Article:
Home 5 Articles 5 Lawmakers Squabble as Country Runs Out of COVID-19 Response Money

Lawmakers Squabble as Country Runs Out of COVID-19 Response Money

by | Apr 21, 2022 | Articles, Essential, Legislation-nir, National Lab Reporter

The relief package agreed to on April 4 appears to have become a collateral victim of a politically incendiary issue regarding immigration.

The impasse over federal funding for COVID-19 response continues. Here’s a briefing on the situation as it stands at press time.

The Political Battle Over COVID-19 Funding

The funding issue could and should have been resolved a month ago when Congress passed the new federal budget. But the sides couldn’t reach agreement. Of course, political disputes over allocated budget amounts happen all the time and get resolved via negotiations. But the clash over COVID-19 relief was about more than just dollar amounts. The Republicans contended that the previous $6 trillion relief package was a “slush fund” diverted for unwarranted purposes ranging from parks restoration to stadium construction. They vowed not to approve another penny for COVID-19 relief until the administration rendered a full accounting of how the previous money was spent. Democrats refused and stated that they’d pass their own bill later. But without Republican support in the Senate, that was never a realistic prospect. As the impasse dragged on, the White House ratcheted up the pressure on Congress with warnings that response money was about to run out, leaving the federal government and states unable to purchase more therapeutics, tests, vaccines, and other supplies. On April 4, it looked like the crisis would be averted when congressional negotiators announced that they had reached a deal on a $10 billion funding package. While much less than the $22.5 billion the administration requested and the $15.6 billion that Republican and Democratic lawmakers initially agreed to in March, the April 4 deal would have at least enabled response efforts to continue uninterrupted.

Clash Over Immigration Sidetracks COVID-19 Funding

But now, just a few days later, even that compromise appears in serious peril. Politics in the Senate remain the sticking point. This time, though, the relief package appears to have become a collateral victim of a politically incendiary issue that has little to no direct ties to health care, namely, immigration. Senate Republicans blocked start of debate on the bill until Democrats allowed a vote on an amendment that would keep Trump era immigration curbs slated to end on May 23 intact. Democrats accused the Republicans of adding the amendment as a deliberate attempt to kill the COVID-19 funding bill. But while the immigration amendment is clearly a political strategy, Democrats are far from blameless for the current stalemate. Instead of affording COVID-19 funding priority status, they concentrated their energy on securing the confirmation of US Supreme Court nominee Ketanji Brown Jackson before the end of the week and upcoming two-week recess.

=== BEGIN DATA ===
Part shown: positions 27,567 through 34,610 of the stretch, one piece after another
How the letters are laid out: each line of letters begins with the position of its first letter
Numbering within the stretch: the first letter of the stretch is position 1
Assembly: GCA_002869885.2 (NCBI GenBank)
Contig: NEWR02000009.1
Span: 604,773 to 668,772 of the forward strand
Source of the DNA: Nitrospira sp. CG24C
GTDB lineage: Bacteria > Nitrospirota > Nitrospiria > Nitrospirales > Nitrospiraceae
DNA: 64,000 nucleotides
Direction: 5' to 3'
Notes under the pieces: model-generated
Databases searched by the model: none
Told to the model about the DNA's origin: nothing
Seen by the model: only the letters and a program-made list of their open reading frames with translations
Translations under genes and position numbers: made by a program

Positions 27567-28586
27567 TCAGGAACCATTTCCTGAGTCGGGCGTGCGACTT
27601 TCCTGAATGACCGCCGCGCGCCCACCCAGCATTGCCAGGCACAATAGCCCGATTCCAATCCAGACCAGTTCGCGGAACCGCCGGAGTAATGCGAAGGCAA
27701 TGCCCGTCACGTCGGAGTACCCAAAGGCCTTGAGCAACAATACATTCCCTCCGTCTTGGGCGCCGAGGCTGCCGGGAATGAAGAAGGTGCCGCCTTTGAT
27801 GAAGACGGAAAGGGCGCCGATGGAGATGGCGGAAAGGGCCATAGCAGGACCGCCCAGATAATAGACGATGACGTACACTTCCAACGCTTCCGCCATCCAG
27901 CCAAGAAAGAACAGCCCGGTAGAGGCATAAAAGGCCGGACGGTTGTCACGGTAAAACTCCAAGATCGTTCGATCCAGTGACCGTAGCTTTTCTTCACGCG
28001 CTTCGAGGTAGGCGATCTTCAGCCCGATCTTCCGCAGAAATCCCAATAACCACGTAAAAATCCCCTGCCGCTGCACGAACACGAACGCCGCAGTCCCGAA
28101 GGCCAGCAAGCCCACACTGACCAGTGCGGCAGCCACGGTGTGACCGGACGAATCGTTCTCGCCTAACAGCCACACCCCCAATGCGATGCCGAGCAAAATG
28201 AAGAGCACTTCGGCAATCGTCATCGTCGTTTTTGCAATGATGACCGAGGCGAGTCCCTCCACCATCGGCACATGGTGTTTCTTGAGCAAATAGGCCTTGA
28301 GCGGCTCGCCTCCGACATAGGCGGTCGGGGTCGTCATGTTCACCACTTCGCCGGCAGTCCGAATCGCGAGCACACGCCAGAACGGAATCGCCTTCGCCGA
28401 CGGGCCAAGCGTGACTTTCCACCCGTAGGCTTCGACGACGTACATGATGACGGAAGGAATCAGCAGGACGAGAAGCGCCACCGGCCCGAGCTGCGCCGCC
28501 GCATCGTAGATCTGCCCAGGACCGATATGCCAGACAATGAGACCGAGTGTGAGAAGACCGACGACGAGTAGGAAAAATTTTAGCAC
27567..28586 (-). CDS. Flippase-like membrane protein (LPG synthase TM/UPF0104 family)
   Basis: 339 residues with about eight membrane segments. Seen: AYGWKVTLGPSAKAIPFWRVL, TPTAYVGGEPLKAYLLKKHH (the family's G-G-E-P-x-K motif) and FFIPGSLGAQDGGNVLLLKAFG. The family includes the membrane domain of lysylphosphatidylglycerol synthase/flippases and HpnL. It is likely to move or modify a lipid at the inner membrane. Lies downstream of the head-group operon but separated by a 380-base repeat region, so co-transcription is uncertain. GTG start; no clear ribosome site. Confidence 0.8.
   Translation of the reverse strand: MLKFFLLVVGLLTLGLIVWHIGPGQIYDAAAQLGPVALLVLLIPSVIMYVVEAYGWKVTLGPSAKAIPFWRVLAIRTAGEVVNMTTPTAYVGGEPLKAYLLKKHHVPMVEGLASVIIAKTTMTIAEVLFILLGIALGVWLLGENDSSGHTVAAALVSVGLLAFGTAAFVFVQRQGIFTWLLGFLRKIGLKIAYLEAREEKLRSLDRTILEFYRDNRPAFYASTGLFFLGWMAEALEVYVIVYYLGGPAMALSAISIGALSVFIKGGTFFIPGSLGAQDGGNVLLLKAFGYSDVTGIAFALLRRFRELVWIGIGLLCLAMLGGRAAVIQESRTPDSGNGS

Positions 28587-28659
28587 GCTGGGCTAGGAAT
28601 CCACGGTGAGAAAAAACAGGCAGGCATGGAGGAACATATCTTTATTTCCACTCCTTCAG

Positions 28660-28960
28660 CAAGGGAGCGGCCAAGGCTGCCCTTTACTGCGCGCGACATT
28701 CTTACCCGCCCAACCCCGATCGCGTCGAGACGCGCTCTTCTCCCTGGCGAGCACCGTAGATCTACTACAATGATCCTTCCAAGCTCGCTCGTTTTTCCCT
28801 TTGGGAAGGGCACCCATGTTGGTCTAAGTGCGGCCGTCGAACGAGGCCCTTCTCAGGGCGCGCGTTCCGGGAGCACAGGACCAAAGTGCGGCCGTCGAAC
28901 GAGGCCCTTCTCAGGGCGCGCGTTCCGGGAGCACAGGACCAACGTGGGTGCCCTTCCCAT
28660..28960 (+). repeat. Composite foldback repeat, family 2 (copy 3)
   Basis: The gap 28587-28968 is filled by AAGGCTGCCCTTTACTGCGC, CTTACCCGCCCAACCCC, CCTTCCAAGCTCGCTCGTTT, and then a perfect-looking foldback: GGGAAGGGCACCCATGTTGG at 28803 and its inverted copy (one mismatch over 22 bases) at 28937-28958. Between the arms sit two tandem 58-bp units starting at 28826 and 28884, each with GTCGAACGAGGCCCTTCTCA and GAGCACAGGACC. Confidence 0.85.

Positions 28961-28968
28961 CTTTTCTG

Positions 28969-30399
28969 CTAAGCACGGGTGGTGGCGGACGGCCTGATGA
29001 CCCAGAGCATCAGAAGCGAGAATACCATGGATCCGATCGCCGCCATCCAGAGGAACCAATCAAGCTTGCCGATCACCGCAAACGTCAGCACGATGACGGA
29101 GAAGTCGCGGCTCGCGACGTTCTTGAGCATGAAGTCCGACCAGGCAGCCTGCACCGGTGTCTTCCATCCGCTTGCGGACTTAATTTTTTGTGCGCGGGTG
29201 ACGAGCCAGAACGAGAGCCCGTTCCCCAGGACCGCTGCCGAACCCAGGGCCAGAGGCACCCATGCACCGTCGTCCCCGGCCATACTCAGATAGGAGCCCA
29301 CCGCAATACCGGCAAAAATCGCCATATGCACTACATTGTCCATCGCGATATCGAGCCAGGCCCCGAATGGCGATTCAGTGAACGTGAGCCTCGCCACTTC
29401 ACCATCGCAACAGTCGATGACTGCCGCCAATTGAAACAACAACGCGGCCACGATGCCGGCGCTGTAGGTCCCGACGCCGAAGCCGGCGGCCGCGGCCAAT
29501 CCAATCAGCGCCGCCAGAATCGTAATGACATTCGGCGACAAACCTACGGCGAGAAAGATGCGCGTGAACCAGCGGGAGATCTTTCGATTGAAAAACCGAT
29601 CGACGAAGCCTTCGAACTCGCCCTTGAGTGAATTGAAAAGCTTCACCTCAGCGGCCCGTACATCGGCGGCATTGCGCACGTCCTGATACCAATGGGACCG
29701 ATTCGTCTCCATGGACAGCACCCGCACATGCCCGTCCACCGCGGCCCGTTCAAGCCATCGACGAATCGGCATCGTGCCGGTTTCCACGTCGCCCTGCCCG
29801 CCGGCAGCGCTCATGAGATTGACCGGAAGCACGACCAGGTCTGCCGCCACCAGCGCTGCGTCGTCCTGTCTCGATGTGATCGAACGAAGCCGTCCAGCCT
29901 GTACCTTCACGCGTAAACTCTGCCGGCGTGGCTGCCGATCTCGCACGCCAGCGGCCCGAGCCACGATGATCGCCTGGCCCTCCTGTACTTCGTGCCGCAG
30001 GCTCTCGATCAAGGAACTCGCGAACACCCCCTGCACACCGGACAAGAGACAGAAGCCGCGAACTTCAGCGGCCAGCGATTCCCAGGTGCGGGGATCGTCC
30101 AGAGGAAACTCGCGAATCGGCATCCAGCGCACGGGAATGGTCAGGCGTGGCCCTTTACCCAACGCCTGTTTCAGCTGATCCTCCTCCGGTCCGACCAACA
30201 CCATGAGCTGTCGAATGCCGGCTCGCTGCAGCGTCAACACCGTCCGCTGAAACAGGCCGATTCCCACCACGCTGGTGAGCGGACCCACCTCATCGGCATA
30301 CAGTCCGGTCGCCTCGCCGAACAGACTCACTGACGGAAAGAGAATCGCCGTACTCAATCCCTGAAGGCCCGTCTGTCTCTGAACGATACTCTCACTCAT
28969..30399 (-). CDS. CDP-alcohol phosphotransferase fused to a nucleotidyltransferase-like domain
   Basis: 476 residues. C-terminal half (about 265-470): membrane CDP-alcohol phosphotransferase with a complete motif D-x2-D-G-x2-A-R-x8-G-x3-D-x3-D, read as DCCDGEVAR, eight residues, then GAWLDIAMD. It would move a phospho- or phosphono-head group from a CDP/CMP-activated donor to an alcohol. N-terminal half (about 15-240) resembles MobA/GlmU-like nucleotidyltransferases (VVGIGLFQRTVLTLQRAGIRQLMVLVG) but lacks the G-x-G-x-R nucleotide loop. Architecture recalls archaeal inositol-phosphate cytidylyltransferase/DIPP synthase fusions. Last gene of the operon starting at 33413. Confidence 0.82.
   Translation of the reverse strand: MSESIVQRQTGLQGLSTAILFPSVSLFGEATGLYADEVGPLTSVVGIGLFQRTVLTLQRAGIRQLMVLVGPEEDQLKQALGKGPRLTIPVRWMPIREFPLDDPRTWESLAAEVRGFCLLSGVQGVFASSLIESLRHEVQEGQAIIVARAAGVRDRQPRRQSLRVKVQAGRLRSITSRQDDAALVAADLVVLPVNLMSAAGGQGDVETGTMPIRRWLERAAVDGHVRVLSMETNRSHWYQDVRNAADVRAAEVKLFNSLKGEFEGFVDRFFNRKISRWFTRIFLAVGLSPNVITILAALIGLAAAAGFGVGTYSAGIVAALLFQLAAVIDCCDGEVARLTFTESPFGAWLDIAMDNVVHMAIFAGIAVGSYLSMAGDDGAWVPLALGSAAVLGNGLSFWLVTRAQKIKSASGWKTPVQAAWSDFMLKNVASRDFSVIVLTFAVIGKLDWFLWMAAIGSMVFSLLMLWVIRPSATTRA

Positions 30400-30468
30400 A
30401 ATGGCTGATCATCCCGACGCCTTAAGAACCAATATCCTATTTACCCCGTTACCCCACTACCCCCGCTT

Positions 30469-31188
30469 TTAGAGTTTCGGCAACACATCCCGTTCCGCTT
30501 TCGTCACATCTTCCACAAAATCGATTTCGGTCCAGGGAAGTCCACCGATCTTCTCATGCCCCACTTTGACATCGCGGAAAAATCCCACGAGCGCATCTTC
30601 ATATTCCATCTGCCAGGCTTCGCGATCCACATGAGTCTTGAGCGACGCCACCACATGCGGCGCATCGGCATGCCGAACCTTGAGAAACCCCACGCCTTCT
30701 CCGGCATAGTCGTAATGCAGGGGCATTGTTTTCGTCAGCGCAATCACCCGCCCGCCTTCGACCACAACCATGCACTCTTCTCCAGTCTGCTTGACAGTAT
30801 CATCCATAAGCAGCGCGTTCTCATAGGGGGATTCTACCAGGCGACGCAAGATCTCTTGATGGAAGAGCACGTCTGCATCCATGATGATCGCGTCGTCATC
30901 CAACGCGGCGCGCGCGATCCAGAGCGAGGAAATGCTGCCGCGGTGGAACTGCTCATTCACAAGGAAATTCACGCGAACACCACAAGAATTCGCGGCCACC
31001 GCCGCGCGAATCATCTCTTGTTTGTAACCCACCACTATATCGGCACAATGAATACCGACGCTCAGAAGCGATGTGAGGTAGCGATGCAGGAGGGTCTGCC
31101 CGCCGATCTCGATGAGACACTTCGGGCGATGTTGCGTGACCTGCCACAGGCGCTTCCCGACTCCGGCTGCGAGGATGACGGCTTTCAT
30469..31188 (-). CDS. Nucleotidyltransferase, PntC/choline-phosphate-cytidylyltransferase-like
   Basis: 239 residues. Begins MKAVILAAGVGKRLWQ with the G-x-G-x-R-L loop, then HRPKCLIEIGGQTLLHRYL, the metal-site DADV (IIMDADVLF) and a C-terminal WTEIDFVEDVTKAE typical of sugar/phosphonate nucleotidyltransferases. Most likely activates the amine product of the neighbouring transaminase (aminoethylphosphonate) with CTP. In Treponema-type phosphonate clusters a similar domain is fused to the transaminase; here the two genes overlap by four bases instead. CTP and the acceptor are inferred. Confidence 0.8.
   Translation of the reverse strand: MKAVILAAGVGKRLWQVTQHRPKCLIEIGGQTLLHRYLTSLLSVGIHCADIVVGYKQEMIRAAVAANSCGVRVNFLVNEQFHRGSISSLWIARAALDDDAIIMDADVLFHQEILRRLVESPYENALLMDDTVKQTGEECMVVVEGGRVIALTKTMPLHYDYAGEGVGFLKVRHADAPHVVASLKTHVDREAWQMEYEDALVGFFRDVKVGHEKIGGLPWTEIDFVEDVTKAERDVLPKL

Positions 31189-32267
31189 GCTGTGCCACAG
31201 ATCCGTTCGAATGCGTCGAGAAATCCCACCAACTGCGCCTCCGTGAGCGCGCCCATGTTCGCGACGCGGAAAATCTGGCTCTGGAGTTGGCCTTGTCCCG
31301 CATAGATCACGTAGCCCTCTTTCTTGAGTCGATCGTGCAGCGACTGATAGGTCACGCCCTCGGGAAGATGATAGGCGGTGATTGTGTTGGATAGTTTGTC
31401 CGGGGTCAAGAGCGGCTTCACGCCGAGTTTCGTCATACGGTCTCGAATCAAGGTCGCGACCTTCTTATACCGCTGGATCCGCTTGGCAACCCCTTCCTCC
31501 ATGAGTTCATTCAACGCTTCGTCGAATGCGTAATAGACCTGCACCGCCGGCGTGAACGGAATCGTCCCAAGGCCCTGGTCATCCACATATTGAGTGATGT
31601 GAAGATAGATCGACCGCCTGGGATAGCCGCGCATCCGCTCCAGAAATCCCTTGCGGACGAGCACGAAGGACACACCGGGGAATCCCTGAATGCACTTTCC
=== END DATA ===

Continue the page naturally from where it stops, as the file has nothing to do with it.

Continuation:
As we go to press, it appears highly unlikely that the bill will come to a vote, leaving COVID-19 relief in abeyance for at least two more weeks until Congress reconvenes. By that time, no fewer than 30 states stand to lose money that had been allocated to them on previous spending packages. In addition, uncertainty over funding has forced the White House to cut back shipments of monoclonal antibody treatments to states by 30 percent, which may cause the nation's supply of such treatments to run out as early as May. The government also can’t buy more oral antiviral treatments like Paxlovid beyond the 20 million treatments already secured, and has to scale back planned purchases of preventive treatments for immunocompromised people. The uncertainty is also impacting vaccines. Federal funding for COVID-19 testing and treatment of uninsured Americans has dried up as of March 23, the Health Services and Resources Administration (HSRA) stated. The agency also announced that coverage for COVID-19 vaccines for the uninsured will no longer be available after early April, leaving 11.4 million Americans in the cold. There are currently enough vaccine doses available for immunocompromised people to get boosters; but additional funding may be needed to get the rest of the US population fourth doses, let alone enable the administration to achieve its objectives in distributing vaccines to poorer countries around the world.

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